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Psychiatry in pictures

Psychiatry in Pictures is a monthly feature of The British Journal of Psychiatry which often demonstrates art created by the psychopathologically afflicted. Other installments include portraits of important figures in the history of psychiatry, paintings drawn during art therapy, and photographs of (quite inhumane) psychiatric treatments.
posted by charmston on Jul 18, 2007 - 15 comments

Why Terrorism Does Not Work

Why Terrorism Does Not Work [pdf] is an article by Max Abrahms that tries to understand why terrorist groups have a success rate of 7% on their stated goals and those terrorists who target civilians have a stunning 0% success rate when it comes to achieving their political objectives. He argues that the answer lies in correspondent inference theory. [via Wired's Bruce Schneier]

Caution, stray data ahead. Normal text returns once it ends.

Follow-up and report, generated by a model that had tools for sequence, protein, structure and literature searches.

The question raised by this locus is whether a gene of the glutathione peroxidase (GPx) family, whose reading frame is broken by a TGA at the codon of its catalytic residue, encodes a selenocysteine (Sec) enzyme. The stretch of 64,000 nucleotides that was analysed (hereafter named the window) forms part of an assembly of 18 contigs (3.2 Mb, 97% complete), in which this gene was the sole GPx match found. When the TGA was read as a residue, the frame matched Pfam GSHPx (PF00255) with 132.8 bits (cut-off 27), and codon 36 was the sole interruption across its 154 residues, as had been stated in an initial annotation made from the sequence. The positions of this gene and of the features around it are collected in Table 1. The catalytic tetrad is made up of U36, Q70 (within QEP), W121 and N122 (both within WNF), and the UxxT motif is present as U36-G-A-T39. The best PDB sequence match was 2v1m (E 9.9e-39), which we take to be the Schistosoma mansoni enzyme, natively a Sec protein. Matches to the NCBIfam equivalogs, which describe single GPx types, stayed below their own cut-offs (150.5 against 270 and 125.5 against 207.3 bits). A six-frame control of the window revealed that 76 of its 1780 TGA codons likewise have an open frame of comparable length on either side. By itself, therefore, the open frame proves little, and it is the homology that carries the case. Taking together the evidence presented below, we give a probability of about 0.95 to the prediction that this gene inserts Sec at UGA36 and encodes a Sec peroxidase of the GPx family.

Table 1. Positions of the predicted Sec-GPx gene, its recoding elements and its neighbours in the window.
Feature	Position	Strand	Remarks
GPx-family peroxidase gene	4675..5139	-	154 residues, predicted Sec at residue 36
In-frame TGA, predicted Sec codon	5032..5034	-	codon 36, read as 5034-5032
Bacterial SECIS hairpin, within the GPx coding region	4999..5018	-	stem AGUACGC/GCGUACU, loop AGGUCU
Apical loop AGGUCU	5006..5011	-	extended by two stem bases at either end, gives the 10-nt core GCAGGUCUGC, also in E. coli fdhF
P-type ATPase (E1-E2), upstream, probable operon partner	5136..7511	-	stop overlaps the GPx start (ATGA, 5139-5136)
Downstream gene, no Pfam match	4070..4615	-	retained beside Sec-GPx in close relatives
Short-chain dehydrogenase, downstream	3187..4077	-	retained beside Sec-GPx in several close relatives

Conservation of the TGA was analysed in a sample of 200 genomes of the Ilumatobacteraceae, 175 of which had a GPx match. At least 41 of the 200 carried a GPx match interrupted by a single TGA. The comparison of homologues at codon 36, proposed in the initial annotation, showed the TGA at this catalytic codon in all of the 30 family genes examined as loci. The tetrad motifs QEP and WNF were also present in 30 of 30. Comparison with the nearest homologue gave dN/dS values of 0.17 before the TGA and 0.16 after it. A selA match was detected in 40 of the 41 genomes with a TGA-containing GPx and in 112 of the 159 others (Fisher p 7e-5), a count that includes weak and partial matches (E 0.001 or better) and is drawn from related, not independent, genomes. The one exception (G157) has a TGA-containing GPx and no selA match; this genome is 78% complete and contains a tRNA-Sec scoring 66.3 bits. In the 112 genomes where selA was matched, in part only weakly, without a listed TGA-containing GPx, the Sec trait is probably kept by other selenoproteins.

posted by Kattullus on Jul 12, 2007 - 78 comments

Ten Evolutionarily Obvious Truths About Human Nature

Women won't sleep with random attractive strangers? Damn.
posted by Citizen Premier on Jul 5, 2007 - 129 comments

Boy Gets in Trouble at School with "No Touching" Policy

Boy's Hug Lands Him in Trouble At School With "No Touching" Policy. 7th grader Hal Beaulieu "hopped up from his lunch table one day a few months ago, sat next to his girlfriend and slipped his arm around her shoulder. That landed him a trip to the school office." Handshakes could be gang signs, and officials note, "in a culturally diverse school...families might have different views of what is appropriate." The PTA President remarks: ""Even high-fives can get out of hand ... someone can get bonked in the head." (CNN News Video)